In the ninth, Fulton returned to dominating pounding lead rights flush off Roman’s face and catching him coming forward with jabs. “Cool Boy Steph” began sitting on his punches in the tenth, backing Roman up with hard shots to the head and body.
The eleventh featured more of the same as he stood his ground. Fulton plowed Roman with left hooks, left uppercuts to the body and straight rights in the pocket.
“Any moment he had, I took it right away from him,” Fulton said. “I neutralized the threat. I started walking him down because I saw that he had been slowing down. I feel like the more I kept boxing, the more I just got a little tired of boxing. Me trying to walk forward to him wasn’t going to happen all the time, but I definitely saw him slowing down. I wanted to stop him but I didn’t get that.”
Afterward, Fulton called for an undisputed match next.
“You already know what’s next,” Fulton exclaimed. “I want [WBA/IBF titlist Murodjon Akhmadaliev]. I got to finish this up. But much respect for Danny Roman. Much respect.”
David Morrell keeps rolling, stops Kalvin Henderson in four
David Morrell Jr. may only have seven pro fights, but it’s clear he’s ready for the big names in the super middleweight division.
In the co-feature, the 24-year-old Morrell steamrolled gutsy challenger Kalvin Henderson, stopping him at 2:35 of the fourth round.
“I want to thank my trainer Ronnie Shields who did an excellent job today,” Morrell said. “That’s what our game plan was, to be concentrated and if I didn’t get him by the end of the first round, I was looking to get him in the later rounds.
“I’m excited. Thank you everyone for coming out to The Armory. I’m just happy, man. I’m happy. I’m so excited every time I fight in my new home in Minnesota. I made this place my home. I was 150% ready for the fight. I had that extra edge of 50%, so I’m 150% every time I fight.”
It didn’t take Morrell long. Probably about 17 seconds, before the WBA super middleweight world champion began turning the heat on Henderson.
The Cuban southpaw had Henderson (15-2-1, 11 KOs) pinned up against the ropes, using long jabs, strafing straight lefts to the body, left uppercuts, and right hooks around Henderson’s high guard.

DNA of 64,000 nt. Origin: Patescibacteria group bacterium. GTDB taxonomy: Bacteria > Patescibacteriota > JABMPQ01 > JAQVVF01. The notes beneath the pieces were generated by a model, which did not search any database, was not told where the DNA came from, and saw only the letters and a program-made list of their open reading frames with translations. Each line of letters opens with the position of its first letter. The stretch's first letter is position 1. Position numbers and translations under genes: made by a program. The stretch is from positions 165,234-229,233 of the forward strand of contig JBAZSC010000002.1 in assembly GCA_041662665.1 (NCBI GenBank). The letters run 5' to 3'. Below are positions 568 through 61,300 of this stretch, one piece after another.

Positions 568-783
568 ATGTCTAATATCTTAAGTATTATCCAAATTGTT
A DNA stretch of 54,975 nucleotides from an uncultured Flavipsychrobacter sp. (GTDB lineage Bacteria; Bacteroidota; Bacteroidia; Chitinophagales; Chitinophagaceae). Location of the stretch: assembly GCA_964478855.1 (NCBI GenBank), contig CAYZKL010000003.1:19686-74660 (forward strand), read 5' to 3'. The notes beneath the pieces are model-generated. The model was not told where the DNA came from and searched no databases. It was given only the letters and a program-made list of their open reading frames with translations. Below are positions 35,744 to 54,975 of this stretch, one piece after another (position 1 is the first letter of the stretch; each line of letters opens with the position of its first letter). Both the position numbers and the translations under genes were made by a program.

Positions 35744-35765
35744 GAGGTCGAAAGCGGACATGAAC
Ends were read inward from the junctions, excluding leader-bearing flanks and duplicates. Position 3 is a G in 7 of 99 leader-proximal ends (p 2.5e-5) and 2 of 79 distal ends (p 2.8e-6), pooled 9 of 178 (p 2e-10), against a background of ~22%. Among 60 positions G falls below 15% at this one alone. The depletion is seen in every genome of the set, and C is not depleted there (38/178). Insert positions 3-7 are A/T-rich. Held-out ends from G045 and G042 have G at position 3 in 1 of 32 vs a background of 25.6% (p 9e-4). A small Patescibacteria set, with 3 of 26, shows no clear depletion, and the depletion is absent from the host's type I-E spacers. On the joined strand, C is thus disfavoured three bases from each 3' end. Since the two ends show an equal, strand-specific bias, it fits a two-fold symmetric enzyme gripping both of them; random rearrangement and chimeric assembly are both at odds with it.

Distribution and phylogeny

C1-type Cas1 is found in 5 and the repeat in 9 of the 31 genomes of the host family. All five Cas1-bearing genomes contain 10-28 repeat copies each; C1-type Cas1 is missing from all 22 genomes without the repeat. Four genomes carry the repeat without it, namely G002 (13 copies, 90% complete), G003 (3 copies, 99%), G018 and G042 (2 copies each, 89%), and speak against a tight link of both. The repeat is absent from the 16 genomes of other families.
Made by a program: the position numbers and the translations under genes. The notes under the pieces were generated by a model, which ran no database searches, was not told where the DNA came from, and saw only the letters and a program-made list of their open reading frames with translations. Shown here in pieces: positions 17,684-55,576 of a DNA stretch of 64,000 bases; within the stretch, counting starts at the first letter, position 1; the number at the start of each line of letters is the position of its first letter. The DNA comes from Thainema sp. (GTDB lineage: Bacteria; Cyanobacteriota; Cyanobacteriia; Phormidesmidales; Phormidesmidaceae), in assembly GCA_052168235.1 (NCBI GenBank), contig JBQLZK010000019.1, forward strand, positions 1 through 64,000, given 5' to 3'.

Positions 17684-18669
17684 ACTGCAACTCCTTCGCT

In the closing seconds of the first round, Morrell had opened a cut on Henderson’s left eye.
Morrell (7-0, 7 KOs) was relentless, beginning the second on the same torrid pace that he fought with in the first. Primarily using the left uppercut, Morrell backed up Henderson in a corner and unloaded. Henderson tried using a counter left hook to keep Morrell off of him. It didn’t work.
Morrell continued to land punch after punch in the third. This time, it was a vicious right hook doing the damage. A barrage of punches in the final :15 of the round caused referee Luis Pabon to take a close look at Henderson and consider stopping the fight.
Pabon walked Henderson back to his corner after the third. He also told Henderson and his corner to show him something in the fourth.
It was Morrell that was showing he could stay with any elite 168-pounder. A right hook with :54 left in the fourth signaled the beginning of the end for Henderson. Another right hook, followed by a straight left, and another right hook caused Pabon to step in and wave it off.
“Ronnie Shields explained to me in the corner that (the right hook) was open,” Morrell said. “He told me to wait until I see that one punch that is going to hurt him. And that’s what I did and I executed correctly. I’m ready for everyone at 168. I’m open for everything. Call me! Call my team. I’m ready for everyone at 168 pounds.
“I promised my brother a stoppage in rounds one through five. Promise fulfilled! And with a round to spare in the fourth. I’m looking at my phone now and I’m seeing all the messages from my family. That’s what this is all about for me.
“It’s David Benavidez, it’s Caleb Plant, it’s Anthony Dirrell. It’s whoever wants to get in the ring with me. I’m ready for any of them.”
For a closer look at Fulton vs Roman, check out our fight night page.